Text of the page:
Memorialising Crime

Prof. Alison Young1
1University Of Melbourne, Parkville, Australia

This paper examines the issues arising when the scene of a crime becomes also a site for memorialisation. A number of case studies will be examined, including both authorised and unauthorised memorials, such as those found at the sites of car accidents and overdoses, along with temporary memorials at the scenes of unsolved crimes and ongoing investigations. The paper’s aim is to consider the spectator’s affective encounter with places and their varying modes of placemaking. It considers the city as a accumulation of crime scenes, some marked by permanent memorials, some containing transient invitations to remember, and others rendered invisible once the crime scene tape is removed, and asks what we can learn from this about our encounters with crime in everyday urban life.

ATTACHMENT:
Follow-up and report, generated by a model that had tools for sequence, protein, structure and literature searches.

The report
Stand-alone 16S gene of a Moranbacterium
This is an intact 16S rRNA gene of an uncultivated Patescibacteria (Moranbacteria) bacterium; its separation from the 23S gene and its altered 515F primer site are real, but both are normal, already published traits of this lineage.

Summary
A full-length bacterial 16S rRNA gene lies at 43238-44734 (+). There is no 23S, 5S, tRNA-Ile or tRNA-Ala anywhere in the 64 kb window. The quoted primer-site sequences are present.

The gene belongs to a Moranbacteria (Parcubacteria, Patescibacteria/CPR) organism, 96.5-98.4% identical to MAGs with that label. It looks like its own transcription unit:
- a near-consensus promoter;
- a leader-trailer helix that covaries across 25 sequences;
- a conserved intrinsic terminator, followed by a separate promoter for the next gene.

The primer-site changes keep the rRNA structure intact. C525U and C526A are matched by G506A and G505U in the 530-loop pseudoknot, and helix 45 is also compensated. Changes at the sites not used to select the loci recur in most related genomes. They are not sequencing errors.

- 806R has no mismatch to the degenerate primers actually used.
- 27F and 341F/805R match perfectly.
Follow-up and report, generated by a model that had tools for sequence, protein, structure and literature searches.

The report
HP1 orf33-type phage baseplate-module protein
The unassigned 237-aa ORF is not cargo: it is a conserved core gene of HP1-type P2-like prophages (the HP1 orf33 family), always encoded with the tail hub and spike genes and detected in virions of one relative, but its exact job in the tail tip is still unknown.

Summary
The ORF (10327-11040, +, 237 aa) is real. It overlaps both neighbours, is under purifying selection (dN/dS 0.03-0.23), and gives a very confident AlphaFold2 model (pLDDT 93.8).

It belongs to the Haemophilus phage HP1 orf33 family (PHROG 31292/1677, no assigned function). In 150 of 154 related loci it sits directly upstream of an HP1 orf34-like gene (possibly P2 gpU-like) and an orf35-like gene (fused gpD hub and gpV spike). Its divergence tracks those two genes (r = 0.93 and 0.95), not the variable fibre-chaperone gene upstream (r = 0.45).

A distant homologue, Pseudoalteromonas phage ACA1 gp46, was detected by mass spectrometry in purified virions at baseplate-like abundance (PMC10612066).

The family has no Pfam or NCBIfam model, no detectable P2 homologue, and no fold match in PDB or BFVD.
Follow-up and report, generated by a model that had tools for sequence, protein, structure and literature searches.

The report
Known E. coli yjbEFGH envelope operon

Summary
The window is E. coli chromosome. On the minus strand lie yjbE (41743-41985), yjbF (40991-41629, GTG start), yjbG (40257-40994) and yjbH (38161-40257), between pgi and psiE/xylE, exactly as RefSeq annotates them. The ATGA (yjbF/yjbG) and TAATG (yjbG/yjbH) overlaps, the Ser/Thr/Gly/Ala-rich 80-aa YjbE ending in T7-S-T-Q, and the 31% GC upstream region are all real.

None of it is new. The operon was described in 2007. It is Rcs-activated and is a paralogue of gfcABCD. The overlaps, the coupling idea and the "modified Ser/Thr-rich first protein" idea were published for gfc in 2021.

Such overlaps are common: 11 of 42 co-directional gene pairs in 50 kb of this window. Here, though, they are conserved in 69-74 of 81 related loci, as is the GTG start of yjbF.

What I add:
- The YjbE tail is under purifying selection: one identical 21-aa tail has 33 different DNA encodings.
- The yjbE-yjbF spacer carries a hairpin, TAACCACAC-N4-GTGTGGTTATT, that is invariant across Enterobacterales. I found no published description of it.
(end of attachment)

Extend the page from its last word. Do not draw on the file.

Alison Young is the Francine V. McNiff Professor of Criminology at the University of Melbourne, and researches on crime and public space, with particular interest in urban aesthetics and governance of graffiti, homelessness, and neighbourhood atmospheres. She is the author of numerous books and articles, including Street Art World (2016), Street Art, Public City (2014), and The Scene of Violence (2010). In 2016, she founded the Urban Environments Research Network, a group of academics, artists, and architects  interested in questions of law, regulation and criminal justice in the city.


The society is devoted to promoting criminological study, research and practice in the region and bringing together persons engaged in all aspects of the field. The membership of the society reflects the diversity of persons involved in the field, including practitioners, academics, policy makers and students.

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